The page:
In the introduction of his last book « Homo Deus : a brief history of tomorrow », Yuval Noah Harari discuss the different issues humans eventually achieved to neutralize or at least contain such as famines, plagues or wars. Among others, in the subsection « Breaking the Law of the Jungle »he shows that the amount of deaths caused by violence have significantly decreased in the past hundred years. Despite this evidence, he points out that terrorism has become the most talked about topic in the media. In a both dramatic and funny comparison, Harari says that Coca Cola (an allegory for sugar) kills more people than al-Qaeda. In 2010, terrorism killed a total of 7,697 people, probably mostly in the Middle East, and yet it is seen as a major threat and source of fear in the Western world. What makes terrorism seem so dangerous and threatening when it actually is a « minor »source of deaths compared to suicide or obesity?
The amount of fear produced by terrorists is contained in its own nature; fear is the goal of terrorism. Harari compares it to a fly trying to destroy a China shop. As the fly is powerless, the only solution for her is to make a much more powerful entity go « wild with fear and anger ». In order to do that the flies gets inside a bull’s ear and starts buzzing. In a more practical way, the fly would be Ben Laden, the bull the United States and the China shop the Middle East.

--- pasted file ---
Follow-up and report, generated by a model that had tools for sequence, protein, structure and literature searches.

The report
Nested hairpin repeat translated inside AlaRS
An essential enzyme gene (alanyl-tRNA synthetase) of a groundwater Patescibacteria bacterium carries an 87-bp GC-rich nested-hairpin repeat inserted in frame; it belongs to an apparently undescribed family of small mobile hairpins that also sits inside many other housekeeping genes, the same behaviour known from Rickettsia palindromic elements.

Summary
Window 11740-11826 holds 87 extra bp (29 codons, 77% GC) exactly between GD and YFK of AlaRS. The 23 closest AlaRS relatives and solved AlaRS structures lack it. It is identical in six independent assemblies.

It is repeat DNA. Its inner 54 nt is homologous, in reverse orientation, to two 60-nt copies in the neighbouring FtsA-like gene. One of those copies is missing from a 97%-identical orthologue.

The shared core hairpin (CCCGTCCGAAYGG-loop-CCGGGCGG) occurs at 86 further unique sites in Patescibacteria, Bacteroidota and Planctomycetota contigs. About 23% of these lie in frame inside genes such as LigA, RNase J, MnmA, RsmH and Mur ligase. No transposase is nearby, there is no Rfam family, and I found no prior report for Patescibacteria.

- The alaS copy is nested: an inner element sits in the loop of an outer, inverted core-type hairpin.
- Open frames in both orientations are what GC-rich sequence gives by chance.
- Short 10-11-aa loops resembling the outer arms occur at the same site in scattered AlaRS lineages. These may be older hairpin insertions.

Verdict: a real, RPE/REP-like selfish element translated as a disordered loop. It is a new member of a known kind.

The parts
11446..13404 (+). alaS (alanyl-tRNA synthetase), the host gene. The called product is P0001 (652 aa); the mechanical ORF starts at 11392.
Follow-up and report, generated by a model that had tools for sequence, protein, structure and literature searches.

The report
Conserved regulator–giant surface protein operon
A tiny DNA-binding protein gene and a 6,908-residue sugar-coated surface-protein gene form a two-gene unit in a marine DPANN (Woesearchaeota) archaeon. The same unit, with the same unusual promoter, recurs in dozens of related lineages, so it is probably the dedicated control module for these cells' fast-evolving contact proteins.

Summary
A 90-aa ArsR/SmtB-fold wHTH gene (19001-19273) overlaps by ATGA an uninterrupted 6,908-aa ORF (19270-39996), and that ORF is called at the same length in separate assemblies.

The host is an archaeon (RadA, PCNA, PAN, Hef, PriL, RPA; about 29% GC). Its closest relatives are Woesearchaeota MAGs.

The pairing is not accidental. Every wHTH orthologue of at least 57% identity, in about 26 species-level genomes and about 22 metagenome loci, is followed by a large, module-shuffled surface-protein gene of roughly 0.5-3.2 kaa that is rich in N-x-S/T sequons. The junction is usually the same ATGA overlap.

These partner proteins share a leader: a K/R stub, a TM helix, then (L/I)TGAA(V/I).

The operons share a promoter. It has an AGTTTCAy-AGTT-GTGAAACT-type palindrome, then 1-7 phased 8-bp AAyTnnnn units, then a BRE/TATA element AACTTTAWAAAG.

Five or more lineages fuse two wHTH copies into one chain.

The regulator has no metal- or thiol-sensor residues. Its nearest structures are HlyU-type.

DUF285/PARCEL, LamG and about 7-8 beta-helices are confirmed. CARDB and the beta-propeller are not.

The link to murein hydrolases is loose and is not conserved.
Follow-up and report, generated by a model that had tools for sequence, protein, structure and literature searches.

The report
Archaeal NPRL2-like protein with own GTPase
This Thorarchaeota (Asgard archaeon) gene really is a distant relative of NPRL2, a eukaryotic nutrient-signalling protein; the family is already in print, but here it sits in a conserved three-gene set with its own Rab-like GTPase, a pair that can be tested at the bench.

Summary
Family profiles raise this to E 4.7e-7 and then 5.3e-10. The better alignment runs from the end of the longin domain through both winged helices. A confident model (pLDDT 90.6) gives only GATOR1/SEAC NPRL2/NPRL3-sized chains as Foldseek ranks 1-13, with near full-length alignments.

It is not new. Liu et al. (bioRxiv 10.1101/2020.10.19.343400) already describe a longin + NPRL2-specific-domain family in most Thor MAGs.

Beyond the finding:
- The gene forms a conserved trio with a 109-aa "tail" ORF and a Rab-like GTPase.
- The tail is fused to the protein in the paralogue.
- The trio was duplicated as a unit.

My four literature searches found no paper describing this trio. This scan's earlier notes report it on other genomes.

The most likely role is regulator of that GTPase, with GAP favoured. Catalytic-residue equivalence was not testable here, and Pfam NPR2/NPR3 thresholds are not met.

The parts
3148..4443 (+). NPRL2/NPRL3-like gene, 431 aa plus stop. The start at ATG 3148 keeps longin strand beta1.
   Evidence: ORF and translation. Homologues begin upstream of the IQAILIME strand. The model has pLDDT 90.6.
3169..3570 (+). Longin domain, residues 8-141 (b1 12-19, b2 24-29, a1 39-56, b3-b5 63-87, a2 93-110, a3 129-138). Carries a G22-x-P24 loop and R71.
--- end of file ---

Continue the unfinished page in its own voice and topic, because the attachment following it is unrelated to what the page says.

What this metaphor tells us is that terrorists are weak and that their action is not what will change the world, the reaction of their targets will.
What is also interesting when studying terrorism in the context of International Relations is the importance of the origin of the terrorists. For example in post second world war France a lot of terrorist attacks occurred in the context of the decolonization of Algeria. In modern days France, where much fewer terror attacks occur, the feeling of fear is paradoxically higher. The reason for that is the fact that the Algerian terrorists were known from the public whereas nowadays we have little information about the terrorists of ISIS. This new form of terrorism also explains the disproportionate fear felt by westerners.
As Harari said, the reaction of the targets of terrorism is what really matters. If the targets choose to respond in a violent way, and somehow outbid violence, we risk to end up with the law of the jungle as the rule of international relations. The best example of violent answers to terrorism coming from the Western hemisphere can be found in American policies. In the wake of 9/11, the response of President G. Bush to al-Qaeda was radical and violent; war in Irak and reinforcement of the travel and security policy with the creation of the Department of Homeland Security. Trump action can also be seen as violent and radical. The travel ban on many muslims countries, the withdrawal of the Iran Nuclear Deal or the installation of the American embassy in Jerusalem are the most striking examples. These political and diplomatic choices are driven by nothing else than fear and anger. The terrorists have fulfilled their goal.